herald

Friday 9 December 2016

Ticketless English fans are main security concern ahead of big clash

England fans 1995
England fans 1995

The biggest security concern for gardai ahead of this weekend's Ireland v England clash at the Aviva Stadium is ticketless English louts arriving at the Dublin 4 stadium.

A massive security plan is in place ahead of Sunday's international soccer friendly.

Around 1,875 English fans are banned from attending, and there has been close co-ordination between senior gardai and English police.

Some 3,000 English fans do have tickets for the highly-anticipated match.

"Ticketless English fans are a cause of concern if they arrive at the stadium en masse, but this eventuality is being prepared for and gardai will be able to deal with it if it happens," a source said last night.

The revelation comes as it has emerged that gardai have advised all pubs and off-licences in the vicinity of the stadium not to open their doors until 4pm, over an hour after the game will have ended.

However, it is understood that not every pub in the locality will wait for three-and-a-half hours after their regular 12.30pm Sunday opening times.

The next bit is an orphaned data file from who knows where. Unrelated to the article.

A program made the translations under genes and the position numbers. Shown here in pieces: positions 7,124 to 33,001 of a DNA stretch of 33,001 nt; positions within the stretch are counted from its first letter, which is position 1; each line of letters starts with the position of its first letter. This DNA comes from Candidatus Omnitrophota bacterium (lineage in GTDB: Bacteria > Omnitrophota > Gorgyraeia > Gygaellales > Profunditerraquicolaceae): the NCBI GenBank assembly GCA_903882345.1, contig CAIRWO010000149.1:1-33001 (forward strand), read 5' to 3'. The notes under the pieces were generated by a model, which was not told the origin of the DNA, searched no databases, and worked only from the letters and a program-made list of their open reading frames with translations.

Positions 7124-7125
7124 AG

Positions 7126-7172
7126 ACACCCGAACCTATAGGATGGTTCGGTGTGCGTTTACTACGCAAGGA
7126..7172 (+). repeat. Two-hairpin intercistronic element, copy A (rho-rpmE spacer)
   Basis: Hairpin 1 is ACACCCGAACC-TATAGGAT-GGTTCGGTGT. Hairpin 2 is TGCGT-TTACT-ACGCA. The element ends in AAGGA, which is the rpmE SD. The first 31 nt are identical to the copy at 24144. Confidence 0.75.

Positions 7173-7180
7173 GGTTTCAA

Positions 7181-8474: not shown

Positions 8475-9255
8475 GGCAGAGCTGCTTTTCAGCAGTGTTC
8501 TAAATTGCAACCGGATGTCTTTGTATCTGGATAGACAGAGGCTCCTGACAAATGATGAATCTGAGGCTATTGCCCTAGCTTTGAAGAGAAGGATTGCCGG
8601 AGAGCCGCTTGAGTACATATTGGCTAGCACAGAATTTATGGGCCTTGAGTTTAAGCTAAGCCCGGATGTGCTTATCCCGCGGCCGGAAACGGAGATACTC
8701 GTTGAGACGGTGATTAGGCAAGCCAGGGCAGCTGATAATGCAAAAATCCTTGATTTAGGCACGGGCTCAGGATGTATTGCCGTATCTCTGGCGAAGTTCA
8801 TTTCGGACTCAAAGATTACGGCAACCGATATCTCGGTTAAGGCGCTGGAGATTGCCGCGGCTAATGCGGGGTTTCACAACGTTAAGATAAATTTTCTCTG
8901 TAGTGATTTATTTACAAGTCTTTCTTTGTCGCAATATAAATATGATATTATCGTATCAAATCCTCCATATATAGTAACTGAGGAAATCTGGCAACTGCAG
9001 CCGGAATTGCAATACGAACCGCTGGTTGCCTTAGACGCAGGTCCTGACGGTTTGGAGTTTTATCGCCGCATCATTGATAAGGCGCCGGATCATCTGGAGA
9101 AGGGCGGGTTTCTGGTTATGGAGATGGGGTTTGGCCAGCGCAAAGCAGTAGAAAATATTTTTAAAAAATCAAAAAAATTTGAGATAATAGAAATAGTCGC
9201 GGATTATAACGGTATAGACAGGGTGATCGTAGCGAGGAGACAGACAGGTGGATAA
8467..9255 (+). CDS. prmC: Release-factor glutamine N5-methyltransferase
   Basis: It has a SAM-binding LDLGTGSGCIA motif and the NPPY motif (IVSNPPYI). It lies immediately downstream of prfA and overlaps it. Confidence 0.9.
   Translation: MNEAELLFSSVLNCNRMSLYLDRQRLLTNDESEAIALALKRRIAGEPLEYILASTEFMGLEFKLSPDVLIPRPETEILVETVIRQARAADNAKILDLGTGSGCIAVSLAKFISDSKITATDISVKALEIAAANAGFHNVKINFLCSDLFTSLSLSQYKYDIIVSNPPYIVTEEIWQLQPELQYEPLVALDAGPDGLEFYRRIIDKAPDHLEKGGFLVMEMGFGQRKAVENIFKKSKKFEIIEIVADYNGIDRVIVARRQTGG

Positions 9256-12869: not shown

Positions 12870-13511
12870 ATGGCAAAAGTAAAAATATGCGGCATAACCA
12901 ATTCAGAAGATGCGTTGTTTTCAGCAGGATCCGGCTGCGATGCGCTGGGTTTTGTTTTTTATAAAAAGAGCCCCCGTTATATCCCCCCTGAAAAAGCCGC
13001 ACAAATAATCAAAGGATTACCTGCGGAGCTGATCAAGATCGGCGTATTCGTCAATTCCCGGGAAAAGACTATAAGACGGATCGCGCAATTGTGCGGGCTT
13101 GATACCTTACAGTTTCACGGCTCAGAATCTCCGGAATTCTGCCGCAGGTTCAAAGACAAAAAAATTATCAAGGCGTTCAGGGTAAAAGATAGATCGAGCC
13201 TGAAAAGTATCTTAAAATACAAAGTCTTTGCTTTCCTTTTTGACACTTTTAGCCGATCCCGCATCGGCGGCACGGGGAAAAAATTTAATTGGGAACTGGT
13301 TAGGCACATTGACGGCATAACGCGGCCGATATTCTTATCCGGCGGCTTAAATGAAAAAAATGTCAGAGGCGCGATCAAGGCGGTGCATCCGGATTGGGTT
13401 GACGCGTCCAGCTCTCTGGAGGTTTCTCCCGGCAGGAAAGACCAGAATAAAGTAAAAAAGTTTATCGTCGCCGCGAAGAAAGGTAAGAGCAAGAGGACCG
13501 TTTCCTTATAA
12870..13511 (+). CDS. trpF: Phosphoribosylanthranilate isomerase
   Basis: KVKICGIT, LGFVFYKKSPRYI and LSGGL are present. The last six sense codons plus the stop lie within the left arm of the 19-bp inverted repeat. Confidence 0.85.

"What is of a major benefit to the policing plan is that pubs will not be open before the kick-off at 1pm. This will be a big help," the source pointed out.

Undercover

"The hope is that the event will pass off without major incident and a repeat of the scenes when the two countries last played in 1995 at Lansdowne Road is considered extremely unlikely," the source added.

Undercover gardai and English police will mingle with away fans while public order units will be on standby in case any trouble kicks off.

It is expected more than 300 gardai will be on duty with other officers based in "potential hotspots" in the city centre.

English authorities are also confident that the event will pass off without major incident.

Fans subject to banning orders must surrender their passports and, for the first time in four years, will also be required to attend nominated police stations in England and confirm attendance with a signature.

However, gardai are prepared if any hooligans "slip through the net" and there has been an increase in surveillance at airports and ports.

Speaking last week about English fans, Assistant Chief Constable Mark Roberts said there had been an increase in serious anti-social behaviour in the team's last four away games.

"Regrettably that means we have to increase our enforcement activity using tactics that proved successful in addressing these problems in the past.

"We are working closely with An Garda Siochana to support their operation," Mr Roberts said.

 

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